Thermal began as a trio in 2001.
Taking the sonic possibilities of their respective instruments (electric guitar, tenor and soprano saxophones and EMS synthesizer) through surprising and playful avenues, this is an exquisite example of the meeting of three experienced improvisers, each bringing to this exchange the perspective of their mixed musical backrounds.
The trio of John Butcher, Andy Moor and Thomas Lehn have played concerts all over Europe at major jazz and improvisation festivals and released their debut CD Thermal on the Unsounds label in 2003 which was selected by the Wire as one of the best Cds of that year.
listen to the CD Thermal on bandcamp
watch live video in St. Johann/Austria
watch live video in Prague
watch live video in Forli/Italy
visit Thermal on John Butcher's website
homepage John Butcher
wikipedia page Andy Moor
Thermal meshes horizons and welds disparate trajectories. It’s a highly persuasive point of access to the work of all three musicians. … One of the most thrilling improv outings released this year so far.
Julian Cowley, The Wire
… it looks like the trio was created by a computer, such is the perfect disposition of sounds, minds and absolute respect for one another… Andy Moor has his strings going from a rusty scrape to an ethereal drone of adjacent tones, while Lehn gets incredibly various manifestations from his analogue EMS synthesizer, resulting maybe in the most creative synthetist in recent and not so recent years; Thomas literally puts to shame the ones who use Oberheims and Wavestations for a single low note… . But something must be said for many sax players, because after they'll experience John Butcher's talent, his multiphonic control, his dynamics domination, the beauty of his 'regular' (??) tone – well, they won't be missed when they'll finally put their instrument away, together with their dusty Real Books.
Massimo Ricci | Touching Extremes
Saxophonist John Butcher is often frustratingly associated with the so-called micro-improv end of the spectrum, but there's nothing he likes nor does better than getting caught up in a bout of hard blowing; he's just as adept at screeching upper registers as he is at squeezing out delicate multiphonics, and this outing on guitarist Andy Moor's label Unsounds gives him plenty of opportunity to do both. Moor, who started out in Dog Faced Hermans before joining Dutch punk group The Ex nine years ago and relocating to Amsterdam, reveals himself as an improv guitarist to watch; his background in rock means he has no qualms about laying down the odd motoric riff ("Once Gravity Strikes For Real"), coming at the instrument from a different angle from the "usual" post-jazz techniques of Messrs Bailey, Russell et al. Thomas Lehn is in his element, conjuring forth a veritable electrical storm of blurts, zaps and fizzes from his analogue synthesizer, and giving it a good pounding to boot (dig the spring reverb), but "Thermal" is no mere brutal slugfest - far from it - behind the grit and the sweat there's a cunning sense of complicity and cogent sense of structure. A trio of tiny tracks ("Miss Universal Happiness", "Weak Alarm" and "Tongue") reveal that the trio is perfectly able to handle small forms too. Only complaint: the cover photo, which I imagine is supposed to represent a cloud, or a puff of smoke (but in fact somewhat resembles a map of France) - surely not the appropriate image for music as strong and sinewy as this.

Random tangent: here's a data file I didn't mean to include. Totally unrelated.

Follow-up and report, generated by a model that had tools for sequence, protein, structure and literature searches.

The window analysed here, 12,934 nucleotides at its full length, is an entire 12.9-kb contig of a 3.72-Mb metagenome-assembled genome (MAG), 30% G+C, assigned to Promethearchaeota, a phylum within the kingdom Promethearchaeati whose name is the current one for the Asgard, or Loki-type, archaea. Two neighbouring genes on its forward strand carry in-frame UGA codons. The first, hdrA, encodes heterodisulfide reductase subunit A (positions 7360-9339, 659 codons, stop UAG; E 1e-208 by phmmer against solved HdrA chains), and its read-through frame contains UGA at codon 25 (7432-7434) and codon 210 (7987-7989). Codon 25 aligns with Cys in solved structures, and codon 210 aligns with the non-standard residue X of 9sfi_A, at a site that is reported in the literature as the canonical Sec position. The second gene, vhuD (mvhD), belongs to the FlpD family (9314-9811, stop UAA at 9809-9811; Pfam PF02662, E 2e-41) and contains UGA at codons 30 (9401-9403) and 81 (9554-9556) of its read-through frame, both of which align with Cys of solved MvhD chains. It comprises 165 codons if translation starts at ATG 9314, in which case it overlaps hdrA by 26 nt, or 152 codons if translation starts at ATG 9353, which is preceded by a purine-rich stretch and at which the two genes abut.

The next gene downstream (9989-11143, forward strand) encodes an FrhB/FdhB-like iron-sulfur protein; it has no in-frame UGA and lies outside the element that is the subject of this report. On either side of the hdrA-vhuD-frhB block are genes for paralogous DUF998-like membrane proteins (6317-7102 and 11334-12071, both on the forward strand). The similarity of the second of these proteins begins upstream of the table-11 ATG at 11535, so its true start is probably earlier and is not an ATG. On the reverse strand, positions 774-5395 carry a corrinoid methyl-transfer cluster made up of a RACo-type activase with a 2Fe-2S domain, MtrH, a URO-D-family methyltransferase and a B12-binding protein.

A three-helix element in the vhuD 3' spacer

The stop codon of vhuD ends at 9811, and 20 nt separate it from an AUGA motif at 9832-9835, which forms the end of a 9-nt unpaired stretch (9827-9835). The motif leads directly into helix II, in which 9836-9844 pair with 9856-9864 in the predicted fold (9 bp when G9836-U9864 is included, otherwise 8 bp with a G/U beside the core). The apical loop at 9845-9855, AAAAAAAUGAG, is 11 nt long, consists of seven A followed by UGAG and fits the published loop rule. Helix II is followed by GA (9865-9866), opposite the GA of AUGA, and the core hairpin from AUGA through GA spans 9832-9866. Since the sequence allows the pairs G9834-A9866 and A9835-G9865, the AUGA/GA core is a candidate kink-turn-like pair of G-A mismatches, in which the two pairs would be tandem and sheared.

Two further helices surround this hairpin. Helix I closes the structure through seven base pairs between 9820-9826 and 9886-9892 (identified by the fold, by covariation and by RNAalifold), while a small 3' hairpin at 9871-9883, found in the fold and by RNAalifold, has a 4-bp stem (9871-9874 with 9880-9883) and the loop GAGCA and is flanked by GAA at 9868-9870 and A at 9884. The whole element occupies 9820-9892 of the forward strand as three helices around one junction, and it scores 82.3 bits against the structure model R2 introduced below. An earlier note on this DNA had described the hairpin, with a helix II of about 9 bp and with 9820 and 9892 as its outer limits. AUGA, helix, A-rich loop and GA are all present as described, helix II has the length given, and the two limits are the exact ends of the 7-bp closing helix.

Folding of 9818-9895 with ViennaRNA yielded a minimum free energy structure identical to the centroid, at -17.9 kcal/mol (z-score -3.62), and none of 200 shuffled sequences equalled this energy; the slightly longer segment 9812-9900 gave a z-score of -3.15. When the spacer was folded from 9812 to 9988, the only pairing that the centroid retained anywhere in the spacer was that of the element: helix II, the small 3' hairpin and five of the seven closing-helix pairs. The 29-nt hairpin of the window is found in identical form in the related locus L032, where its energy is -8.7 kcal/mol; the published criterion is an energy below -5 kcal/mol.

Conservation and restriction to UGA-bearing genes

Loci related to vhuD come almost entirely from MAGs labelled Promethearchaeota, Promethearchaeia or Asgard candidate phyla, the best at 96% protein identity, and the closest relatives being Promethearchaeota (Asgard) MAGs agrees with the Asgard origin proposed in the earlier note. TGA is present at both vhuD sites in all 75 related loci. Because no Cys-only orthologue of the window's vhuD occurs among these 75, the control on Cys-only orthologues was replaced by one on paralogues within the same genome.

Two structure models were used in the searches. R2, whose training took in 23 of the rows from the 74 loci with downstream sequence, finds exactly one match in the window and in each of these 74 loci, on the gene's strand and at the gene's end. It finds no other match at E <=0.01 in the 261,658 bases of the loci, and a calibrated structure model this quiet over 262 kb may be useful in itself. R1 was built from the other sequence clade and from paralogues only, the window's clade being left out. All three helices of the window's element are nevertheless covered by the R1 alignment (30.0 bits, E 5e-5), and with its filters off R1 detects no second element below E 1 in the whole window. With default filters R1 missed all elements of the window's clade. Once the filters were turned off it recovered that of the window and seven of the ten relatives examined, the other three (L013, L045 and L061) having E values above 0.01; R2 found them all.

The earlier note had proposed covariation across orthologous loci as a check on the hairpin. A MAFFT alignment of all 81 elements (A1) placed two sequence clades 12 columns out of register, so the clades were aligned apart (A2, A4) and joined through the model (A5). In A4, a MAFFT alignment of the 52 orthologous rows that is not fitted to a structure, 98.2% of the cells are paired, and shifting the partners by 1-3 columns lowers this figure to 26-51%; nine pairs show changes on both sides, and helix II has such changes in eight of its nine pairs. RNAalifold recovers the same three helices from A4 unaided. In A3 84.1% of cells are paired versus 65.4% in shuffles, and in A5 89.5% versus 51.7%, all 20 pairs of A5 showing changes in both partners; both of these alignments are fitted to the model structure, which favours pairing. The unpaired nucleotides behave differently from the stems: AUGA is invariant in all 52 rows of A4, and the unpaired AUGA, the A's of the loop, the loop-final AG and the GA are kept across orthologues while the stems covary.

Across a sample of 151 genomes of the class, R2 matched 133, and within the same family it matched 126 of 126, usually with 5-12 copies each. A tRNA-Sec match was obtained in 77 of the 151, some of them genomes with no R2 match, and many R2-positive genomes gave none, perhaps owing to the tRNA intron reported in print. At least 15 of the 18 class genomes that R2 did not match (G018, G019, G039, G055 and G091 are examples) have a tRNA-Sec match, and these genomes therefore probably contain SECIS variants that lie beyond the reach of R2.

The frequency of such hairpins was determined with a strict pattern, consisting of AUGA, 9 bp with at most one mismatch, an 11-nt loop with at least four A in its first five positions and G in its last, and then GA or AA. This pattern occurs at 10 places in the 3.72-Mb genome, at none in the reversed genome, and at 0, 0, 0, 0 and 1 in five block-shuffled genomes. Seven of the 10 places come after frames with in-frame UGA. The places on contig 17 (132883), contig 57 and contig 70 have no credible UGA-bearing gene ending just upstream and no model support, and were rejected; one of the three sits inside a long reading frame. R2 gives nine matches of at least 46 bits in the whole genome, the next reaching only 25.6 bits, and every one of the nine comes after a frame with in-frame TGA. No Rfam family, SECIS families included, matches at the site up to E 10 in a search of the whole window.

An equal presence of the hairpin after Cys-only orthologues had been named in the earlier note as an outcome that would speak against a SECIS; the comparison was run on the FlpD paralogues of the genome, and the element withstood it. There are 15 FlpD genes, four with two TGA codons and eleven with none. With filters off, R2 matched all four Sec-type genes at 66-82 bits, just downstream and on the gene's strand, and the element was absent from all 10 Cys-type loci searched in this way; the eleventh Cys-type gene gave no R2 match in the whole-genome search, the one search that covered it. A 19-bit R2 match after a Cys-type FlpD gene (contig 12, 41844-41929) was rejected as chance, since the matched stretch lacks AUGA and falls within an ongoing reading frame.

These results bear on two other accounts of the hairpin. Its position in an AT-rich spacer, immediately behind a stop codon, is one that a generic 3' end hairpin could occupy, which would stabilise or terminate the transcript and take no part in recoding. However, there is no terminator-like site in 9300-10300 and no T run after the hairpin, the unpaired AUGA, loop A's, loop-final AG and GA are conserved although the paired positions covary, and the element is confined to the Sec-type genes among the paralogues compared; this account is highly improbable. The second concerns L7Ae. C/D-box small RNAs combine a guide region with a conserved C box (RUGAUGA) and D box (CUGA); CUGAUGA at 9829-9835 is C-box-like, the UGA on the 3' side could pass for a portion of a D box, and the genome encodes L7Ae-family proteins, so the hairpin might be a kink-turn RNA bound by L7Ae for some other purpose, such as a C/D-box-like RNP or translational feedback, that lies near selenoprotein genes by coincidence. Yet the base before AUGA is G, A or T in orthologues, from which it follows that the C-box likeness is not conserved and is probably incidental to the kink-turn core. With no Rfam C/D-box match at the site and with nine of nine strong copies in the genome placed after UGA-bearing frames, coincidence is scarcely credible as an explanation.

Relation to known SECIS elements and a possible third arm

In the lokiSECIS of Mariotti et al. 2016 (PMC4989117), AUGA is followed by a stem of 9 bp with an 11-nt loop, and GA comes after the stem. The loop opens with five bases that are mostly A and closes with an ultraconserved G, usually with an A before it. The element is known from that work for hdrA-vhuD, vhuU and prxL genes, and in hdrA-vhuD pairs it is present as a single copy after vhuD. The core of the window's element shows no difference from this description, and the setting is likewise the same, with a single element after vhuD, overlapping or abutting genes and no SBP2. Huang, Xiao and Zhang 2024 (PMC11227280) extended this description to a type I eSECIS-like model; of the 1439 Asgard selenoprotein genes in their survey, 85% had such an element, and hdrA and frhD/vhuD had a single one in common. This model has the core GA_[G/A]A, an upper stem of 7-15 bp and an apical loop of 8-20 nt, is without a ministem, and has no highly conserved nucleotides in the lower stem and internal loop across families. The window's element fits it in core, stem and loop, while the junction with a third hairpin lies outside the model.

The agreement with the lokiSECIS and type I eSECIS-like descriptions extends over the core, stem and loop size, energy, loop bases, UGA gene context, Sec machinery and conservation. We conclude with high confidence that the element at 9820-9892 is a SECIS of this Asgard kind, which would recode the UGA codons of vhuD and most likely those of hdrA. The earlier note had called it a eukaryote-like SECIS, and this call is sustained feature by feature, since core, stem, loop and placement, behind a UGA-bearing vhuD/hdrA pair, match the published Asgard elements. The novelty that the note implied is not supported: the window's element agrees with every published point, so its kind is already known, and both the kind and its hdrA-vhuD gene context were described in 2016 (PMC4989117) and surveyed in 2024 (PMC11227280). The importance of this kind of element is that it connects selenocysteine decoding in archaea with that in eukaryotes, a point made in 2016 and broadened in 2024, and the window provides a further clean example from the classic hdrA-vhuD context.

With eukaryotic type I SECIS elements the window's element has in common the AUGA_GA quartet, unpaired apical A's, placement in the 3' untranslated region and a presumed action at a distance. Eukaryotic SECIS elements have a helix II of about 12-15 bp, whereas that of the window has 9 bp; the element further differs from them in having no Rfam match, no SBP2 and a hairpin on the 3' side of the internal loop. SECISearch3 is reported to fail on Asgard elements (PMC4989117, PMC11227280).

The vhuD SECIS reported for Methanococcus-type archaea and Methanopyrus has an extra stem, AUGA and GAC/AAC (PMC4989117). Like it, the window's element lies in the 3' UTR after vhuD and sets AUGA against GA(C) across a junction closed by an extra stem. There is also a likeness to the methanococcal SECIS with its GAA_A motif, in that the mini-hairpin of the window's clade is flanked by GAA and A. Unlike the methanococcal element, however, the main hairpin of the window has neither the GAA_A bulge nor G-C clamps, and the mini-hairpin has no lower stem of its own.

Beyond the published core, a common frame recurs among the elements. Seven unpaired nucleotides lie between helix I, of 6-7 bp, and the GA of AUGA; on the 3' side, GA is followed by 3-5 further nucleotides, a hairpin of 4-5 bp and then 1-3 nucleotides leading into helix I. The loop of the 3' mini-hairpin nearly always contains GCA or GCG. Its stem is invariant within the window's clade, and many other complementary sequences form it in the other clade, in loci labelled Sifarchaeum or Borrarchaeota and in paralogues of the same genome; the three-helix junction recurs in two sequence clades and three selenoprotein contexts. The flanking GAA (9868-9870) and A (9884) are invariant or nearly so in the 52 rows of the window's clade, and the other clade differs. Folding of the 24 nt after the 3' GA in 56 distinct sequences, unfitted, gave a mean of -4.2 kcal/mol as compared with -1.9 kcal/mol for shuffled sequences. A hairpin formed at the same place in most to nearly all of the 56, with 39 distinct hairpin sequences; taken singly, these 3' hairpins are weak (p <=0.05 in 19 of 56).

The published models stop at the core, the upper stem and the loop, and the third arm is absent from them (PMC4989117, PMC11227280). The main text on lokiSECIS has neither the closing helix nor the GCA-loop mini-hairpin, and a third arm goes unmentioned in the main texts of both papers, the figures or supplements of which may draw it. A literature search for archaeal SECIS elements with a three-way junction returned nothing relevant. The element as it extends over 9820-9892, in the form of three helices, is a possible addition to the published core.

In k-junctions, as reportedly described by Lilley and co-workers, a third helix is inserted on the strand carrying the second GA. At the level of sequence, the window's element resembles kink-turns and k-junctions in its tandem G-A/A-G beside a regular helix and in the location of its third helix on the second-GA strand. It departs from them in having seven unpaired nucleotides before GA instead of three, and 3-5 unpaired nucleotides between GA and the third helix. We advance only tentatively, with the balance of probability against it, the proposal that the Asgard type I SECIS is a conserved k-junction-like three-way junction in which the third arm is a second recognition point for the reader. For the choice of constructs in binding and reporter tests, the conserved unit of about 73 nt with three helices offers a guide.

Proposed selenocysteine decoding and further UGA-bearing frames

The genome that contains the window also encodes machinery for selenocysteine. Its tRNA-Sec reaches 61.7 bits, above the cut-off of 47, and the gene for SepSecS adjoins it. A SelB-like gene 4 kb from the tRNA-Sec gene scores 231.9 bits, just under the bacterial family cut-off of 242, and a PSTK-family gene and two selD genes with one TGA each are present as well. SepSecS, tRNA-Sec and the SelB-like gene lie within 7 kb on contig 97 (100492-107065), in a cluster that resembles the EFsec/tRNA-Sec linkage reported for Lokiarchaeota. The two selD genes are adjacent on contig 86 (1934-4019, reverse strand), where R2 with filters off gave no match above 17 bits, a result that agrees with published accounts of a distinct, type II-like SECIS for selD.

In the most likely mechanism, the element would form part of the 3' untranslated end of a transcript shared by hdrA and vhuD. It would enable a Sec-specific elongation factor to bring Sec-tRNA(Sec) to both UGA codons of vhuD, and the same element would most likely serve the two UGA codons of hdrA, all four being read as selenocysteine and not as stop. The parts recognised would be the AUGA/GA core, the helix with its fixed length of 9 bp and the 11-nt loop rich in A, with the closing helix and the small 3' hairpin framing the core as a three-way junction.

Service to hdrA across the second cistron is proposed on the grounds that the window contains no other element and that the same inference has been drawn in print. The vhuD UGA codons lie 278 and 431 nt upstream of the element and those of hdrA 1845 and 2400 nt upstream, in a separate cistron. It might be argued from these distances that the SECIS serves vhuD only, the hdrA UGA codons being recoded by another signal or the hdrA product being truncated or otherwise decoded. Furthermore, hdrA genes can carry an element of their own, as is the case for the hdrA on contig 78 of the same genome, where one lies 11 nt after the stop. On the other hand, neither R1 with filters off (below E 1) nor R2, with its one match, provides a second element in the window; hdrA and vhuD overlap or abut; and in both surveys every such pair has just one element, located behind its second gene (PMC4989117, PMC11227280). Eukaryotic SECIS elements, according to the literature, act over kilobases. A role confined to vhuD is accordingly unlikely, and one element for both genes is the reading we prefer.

CD review by Dan Warburton | Paris Transatlantic
… While the local improv snobs muttered tetchily at the bar - yes, dangerous music like this is far removed from the ideological purity favoured by several locals - the group lurched forward, frequently ending up in some pretty wild territory (especially for Butcher, who seemed nevertheless to be enjoying his experiments with howling feedback), but always managed to step back from the edge of all-out Borbetomagus madness. Ex guitarist Moor was quite restrained by his standards, but Lehn was in his element, his synth crackling merrily away, spitting out molten shards of metallic percussiveness. Not unsurprisingly perhaps, the overall result was less polished than the album, but in terms of sheer risk - the trio managed to box themselves into some scary corners on a number of occasions, and had to come out fighting - it certainly made a welcome change from the rather predictable fare sometimes dished up here, where gigs are so thin on the ground that improvising musicians are compelled to club together into a kind of mutual admiration society, rarely if ever doing anything that's likely to capsize the boat.
concert review by Dan Warburton | Paris Transatlantic
photo © Andy Moor
updated on January 26, 2022